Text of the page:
When you create a struct, the only thing you need to answer is what its data structure should be. It can't do anything, it can't hide anything, all it is is a convenient method of accessing plain memory. It may be a good idea to try to answer some more questions about the struct, but there is no formal grammar for writing the answer to those questions. (That is also true for a lot of good questions about OO objects.)

but where do functions go that should operate on a car type?

Wherever you think it fits best, the struct does not make a decision for you, it doesn't even dictate that the relevant code should be a dedicated function. Decide on an implementation when you actually have to use it.

IS the idea of a member function totally thrown out the window?

It doesn't have to be, the function(object, parameters) structure is equivalent to the basic use of member functions. It should compile to pretty much the same thing.


A bit simplified, all encapsulation ever does is throw an error message if you try to break it. Sure it can be nice to have some formal guarantees about what code can't do, but you mostly get the same benefits by defining non-compiler-checked boundaries. In any case, the only encapsulation method that you actually lose is private members and methods. In my experience, those are not nearly as important as variable scopes.


The big case for OO. Solves a lot of weird problems, and doesn't have any simple replacement. But there are lots of structures that do similar things, here is a few:

  • Make a struct with space for all the data needed by any desired subtype, have a variable mark what subtype it is. You can use multiple such marks in order to make something that resembles multi inheritance. Rather than overloading methods, the code that deals with such structs must simply check the type and act accordingly. It may waste some memory, but in most cases that is probably not a big deal. If you have a lot of different subtypes it could however spread the code defining the differences between those subtypes all over your program.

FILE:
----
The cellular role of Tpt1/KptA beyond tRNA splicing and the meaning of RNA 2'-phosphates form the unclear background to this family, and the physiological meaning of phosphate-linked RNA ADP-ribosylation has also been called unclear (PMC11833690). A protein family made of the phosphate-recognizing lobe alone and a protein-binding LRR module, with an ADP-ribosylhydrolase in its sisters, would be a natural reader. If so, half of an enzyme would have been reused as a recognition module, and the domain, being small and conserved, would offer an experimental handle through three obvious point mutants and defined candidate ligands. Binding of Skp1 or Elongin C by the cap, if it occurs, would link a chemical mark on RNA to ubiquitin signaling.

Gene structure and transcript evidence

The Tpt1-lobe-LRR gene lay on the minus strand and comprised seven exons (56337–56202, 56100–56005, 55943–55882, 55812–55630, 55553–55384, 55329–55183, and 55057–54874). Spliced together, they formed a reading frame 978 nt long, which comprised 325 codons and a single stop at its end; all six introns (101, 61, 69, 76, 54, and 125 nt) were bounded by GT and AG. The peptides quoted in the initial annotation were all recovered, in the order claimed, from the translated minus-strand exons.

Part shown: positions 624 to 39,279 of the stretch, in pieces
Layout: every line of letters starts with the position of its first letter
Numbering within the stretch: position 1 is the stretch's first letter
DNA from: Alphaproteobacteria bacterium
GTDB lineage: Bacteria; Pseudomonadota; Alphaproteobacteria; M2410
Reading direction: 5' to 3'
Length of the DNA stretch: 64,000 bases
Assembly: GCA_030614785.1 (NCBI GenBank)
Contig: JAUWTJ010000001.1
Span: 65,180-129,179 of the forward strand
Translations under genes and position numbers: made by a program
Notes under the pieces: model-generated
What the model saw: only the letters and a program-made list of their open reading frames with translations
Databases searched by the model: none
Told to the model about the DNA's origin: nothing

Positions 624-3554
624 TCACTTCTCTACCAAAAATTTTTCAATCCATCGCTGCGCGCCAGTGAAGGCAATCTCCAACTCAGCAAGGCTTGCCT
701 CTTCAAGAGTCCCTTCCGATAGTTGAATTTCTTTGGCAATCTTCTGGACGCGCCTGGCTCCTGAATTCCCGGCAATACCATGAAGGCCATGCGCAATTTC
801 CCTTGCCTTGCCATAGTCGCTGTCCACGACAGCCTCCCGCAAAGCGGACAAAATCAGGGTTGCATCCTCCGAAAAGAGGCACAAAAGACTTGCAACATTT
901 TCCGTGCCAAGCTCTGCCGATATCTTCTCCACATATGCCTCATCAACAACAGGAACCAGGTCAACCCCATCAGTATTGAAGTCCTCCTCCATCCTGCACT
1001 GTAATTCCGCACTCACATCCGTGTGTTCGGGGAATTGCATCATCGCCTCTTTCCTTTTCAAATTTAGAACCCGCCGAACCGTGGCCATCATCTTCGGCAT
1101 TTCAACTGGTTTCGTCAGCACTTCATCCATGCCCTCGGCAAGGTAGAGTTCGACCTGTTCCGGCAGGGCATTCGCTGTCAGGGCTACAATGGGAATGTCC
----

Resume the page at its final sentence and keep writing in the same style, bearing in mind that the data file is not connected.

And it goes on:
• Include function pointers as member variables, these can be set to the functions matching the subtype.

  • Include pointers to sub-structs, with memory for this specific subtype.

  • Make all the desired subtypes distinct struct, and copy-paste any code that apply to all. Doesn't sound good, but if the differences take up a lot more code than the similarities, it could be a reasonable choice. The don't-do-this-at-home version is where you construct the memory layout so that the same code will work on different structs.

For learning purposes I think it is a wonderful idea to shelf an advanced feature, especially if it is one you tend to overuse. In real-world code, you should of course use the OO features where it makes sense.

  • Thanks for that. I think your last sentence sums it up. I am not trying to justify forcing myself to use pure C in a job or in some large project that others will use.
    – JParrilla
    Apr 29, 2015 at 18:04
  • The intent is to try to use a stripped down language to explore parts of the system that I have ignored for years (since my CS degree program). My goal is to get some practice working close to the machine just for fun and to have a break from my daily work in Java and Ruby. Also I really want to get more involved in some of the C based open source projects in GNU and Linux so I thought it would be a good idea to practice.
    – JParrilla
    Apr 29, 2015 at 18:15

I'd recommend reading some of the structured programming "classics": books by Ed Yourdon, Larry Constantine, especially a lot of Dave Parnas' stuff. They talk a lot about top-down design, using structure charts and data-flow diagrams, breaking code into modules and how to handle coupling and cohesion. It's interesting reading, and some of the tools (e.g., data flow diagrams) can still be used today. I sometimes feel that a structured approach is a better fit to some problems (those involving parsing or state machines, usually), but that's not a popular opinion.